A 25-year battle for water on Molokaʻi continues today before the Hawaiʻi Supreme Court. HPR’s Kuʻuwehi Hiraishi reports.
Opening arguments are being heard today in a case that pits one of Moloka’i’s largest land owners against public trust advocates over the right to water on the island.
“On Molokaʻi, we dealt with water issues a lot,” says Molokaʻi resident and Hawaiian homesteader Glenn Teves.
He says water can be an emotional issue on the island.
“The first homesteaders, they only got water on certain days of the week,” says Teves, “So from the genealogy till today, people still know that water is precious. Our ancestors had a hard time having sufficient water to survive not just to live but to grow crops.”
“In so many ways, fresh water will be the key to Molokaʻiʻs future,” says Kapua Sproat, an associate law professor and director of Ka Huli Ao Center for Excellence in Native Hawaiian Law at Richardson Law School.
She says the big question in the case is…
“Whether the law, especially our public trust law, will come to life in our community or will be relegated to book shelves in the law library,” says Sproat.
In Hawaiʻi, water is held in public trust. Since 1992, Molokaʻi has been designated a ground water management area. This designation allows the state to protect the amount of water withdrawn from certain aquifers. There are 10 such areas in the state.
“The fact that the entire island of Molokaʻi is designated as a water management area is incredibly significant,” says Sproat, “In these areas a higher level of scrutiny applies and thereʻs this water use permitting process.”
Moloka’i Ranch, which owns a third of the land on the island, began this permitting process in 1993. At first, they were granted the permit by the state Commission on Water Resource Management.
Then in 2007 the Hawaiʻi Supreme Court overruled the Commission saying the Ranch didn’t adequately show the impact of proposed withdrawals on public trust purposes like traditional and customary rights. All parties then entered a contested case hearing on the matter.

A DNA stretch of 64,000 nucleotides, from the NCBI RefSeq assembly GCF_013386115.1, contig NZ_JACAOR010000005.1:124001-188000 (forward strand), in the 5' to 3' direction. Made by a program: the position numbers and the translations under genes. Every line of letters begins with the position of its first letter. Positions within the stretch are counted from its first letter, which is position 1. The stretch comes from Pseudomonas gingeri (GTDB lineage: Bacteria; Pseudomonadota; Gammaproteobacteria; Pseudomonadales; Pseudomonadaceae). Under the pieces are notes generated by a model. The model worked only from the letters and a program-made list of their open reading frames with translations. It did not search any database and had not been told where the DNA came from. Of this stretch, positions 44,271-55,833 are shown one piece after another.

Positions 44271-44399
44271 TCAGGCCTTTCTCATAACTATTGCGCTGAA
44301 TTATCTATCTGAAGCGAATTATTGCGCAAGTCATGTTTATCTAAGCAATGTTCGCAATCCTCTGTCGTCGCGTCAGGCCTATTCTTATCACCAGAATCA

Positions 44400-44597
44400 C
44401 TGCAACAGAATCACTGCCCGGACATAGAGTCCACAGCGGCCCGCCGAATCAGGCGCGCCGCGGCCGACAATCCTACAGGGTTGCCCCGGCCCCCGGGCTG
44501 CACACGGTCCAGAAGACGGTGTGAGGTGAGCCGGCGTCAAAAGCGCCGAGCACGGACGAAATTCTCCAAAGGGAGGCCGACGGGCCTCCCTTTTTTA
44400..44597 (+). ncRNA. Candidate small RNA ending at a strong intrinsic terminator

“In 2008, Moloka’i Properties said we can’t continue in the contested case, we’re losing money year after year and we’re hopeful that we’ll have a new buyer that can continue the contested case,” says Camille Kalama, an attorney with the Native Hawaiian Legal Corporation representing two individual parties in the case.
The state dismissed the contested case hearing citing these statements by Moloka’i Ranch, also known as Moloka’i Properties.
“Basically what is before the court tomorrow is, ‘Did the Commission make a proper decision by dismissing that old contested case or not?’” says Kalama.
While the court proceeding is narrowly focused on this procedural technicality, Sproat says the legal community will be watching the outcome of this case closely.
“You know the Hawaiʻi Supreme Court has been a really important back stop continually holding the water commission to its fiduciary duties under the public trust, and permit applicants to the high bar that private commercial users of water must meet if they wanna use our public trust resources for their private commercial gain,” says Sproat.